Bacon or a hacksaw? Describing what sacroiliac pain feels like
Explaining chronic pain to others isn't as easy as you think
“So what does it feel like, your back problem?” my friend asked, as she tucked her hair behind her ears and picked up a steaming mug of coffee from the table between us. By “back problem” I knew she was referring to my ankylosing spondylitis (AS).
“Well,” I said slowly as I thought. “Back pain doesn’t really explain it.”
Her question made me pause, because explaining what AS feels like to me is hard to convey. Many medical descriptions of AS use the terms “pain” and “stiffness,” but that doesn’t describe what it actually feels like in your own body, or the varying degrees from aches to pain. I want to explain my experience of one particular symptom of AS, which is sacroiliac (SI) pain.
I’ll start with how it feels when my AS is at a fairly low level of discomfort in my SI joints, which are twin joints that link the pelvis and the spine. I can describe the feeling in a way that many of us are familiar with, but it might sound crazy: I relate it to cooking crispy bacon.
Imagine for a minute how it looks and sounds when you’re cooking tasty strips of bacon in a frying pan. As the pan heats up, the fatty edges of the bacon start to slowly sizzle, quivering up and down as the flesh hits the searing metal. Soon the bacon is crackling and popping, and the meat bunches up as the bacon gets crispy and constricts.
That bacon crisping up is a way to describe what my lower back feels like some days when my disease activity is at a lower level. Right above my buttocks, where my pelvis turns into my lower back, I can feel two tight lines of burning and sizzling. Above, the back muscles on either side of my spine and around my shoulder blades stiffen up and constrict as the discomfort simmers away.
At bacon-level discomfort, I’m aware of the burning ache, but I can ignore it and get on with life as long as I don’t overdo it. However, when my AS is flaring up, my SI joints hurt more intensely.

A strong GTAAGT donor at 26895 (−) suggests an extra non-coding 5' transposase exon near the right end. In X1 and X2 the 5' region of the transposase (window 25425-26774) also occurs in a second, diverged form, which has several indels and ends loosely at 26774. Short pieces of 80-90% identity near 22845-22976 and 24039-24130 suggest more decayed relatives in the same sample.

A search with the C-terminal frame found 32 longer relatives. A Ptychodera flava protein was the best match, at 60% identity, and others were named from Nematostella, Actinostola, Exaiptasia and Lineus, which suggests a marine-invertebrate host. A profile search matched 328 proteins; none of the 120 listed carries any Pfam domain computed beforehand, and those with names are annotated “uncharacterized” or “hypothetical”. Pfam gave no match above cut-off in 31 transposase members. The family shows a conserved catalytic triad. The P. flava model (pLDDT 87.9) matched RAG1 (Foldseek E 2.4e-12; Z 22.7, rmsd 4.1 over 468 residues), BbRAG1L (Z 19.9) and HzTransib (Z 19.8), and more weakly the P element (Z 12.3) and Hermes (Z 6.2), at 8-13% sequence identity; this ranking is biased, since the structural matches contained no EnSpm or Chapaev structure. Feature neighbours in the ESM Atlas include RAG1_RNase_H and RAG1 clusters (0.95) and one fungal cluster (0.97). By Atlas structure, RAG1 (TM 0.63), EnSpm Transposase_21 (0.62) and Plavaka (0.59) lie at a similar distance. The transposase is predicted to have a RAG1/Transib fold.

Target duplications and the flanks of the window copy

A few days ago, I forgot to take my nonsteroidal anti-inflammatory drugs with breakfast, because we were busy rushing out the door to my 5-year-old’s Sunday football practice. As soon as we started walking across the enormous grassy field, I could feel my SI joints grating and burning with every step.
As we stood in Australia’s freezing wintery air and shouted encouragement, I was distracted and disheartened by the searingly deep pain in my lower back. I could imagine one of those small fine-tooth hacksaws — the kind you might use if you were cutting through a small metal pipe — was being dragged slowly but unrelentingly across the top of my pelvis. (I’ve learned this area is called the ilium.)
“Mum, will you come and kick the ball to me?” my son called, endearingly. I knew I couldn’t swing my leg to kick a football with my AS flaring up, so I made do by throwing it, but even reaching down to grab the ball off the grass was a painfully slow maneuver.
Hacksaw-level SI soreness is more than a distraction, it makes me consider every movement carefully to avoid an electric jolt of pain. Which shoes will be the easiest to put on without bending over? Will I be able to lean forward over my plate while eating dinner? What can I brace myself against while I bend to unload the dishwasher? How long can I sit folded behind the wheel of the car before I can’t bear it anymore?
My own personal levels of SI pain can range from almost pain-free (which is wonderful) to the searing flare-up I’ve related to a hacksaw. Where my AS disease activity falls on this ranging scale seems to be based on many things, from adhering to the no-starch diet for AS, limiting alcohol, keeping hormones balanced, reducing stress, getting plenty of movement and good sleep, and Saturn aligning with Mars.
I have no doubt that other people would describe their own AS pain and stiffness differently, and I’d be interested to hear any thoughts in the comments below.
Note: Ankylosing Spondylitis News is strictly a news and information website about the disease. It does not provide medical advice, diagnosis, or treatment. This content is not intended to be a substitute for professional medical advice, diagnosis, or treatment. Always seek the advice of your physician or other qualified health provider with any questions you may have regarding a medical condition. Never disregard professional medical advice or delay in seeking it because of something you have read on this website. The opinions expressed in this column are not those of Ankylosing Spondylitis News or its parent company, BioNews, and are intended to spark discussion about issues pertaining to ankylosing spondylitis.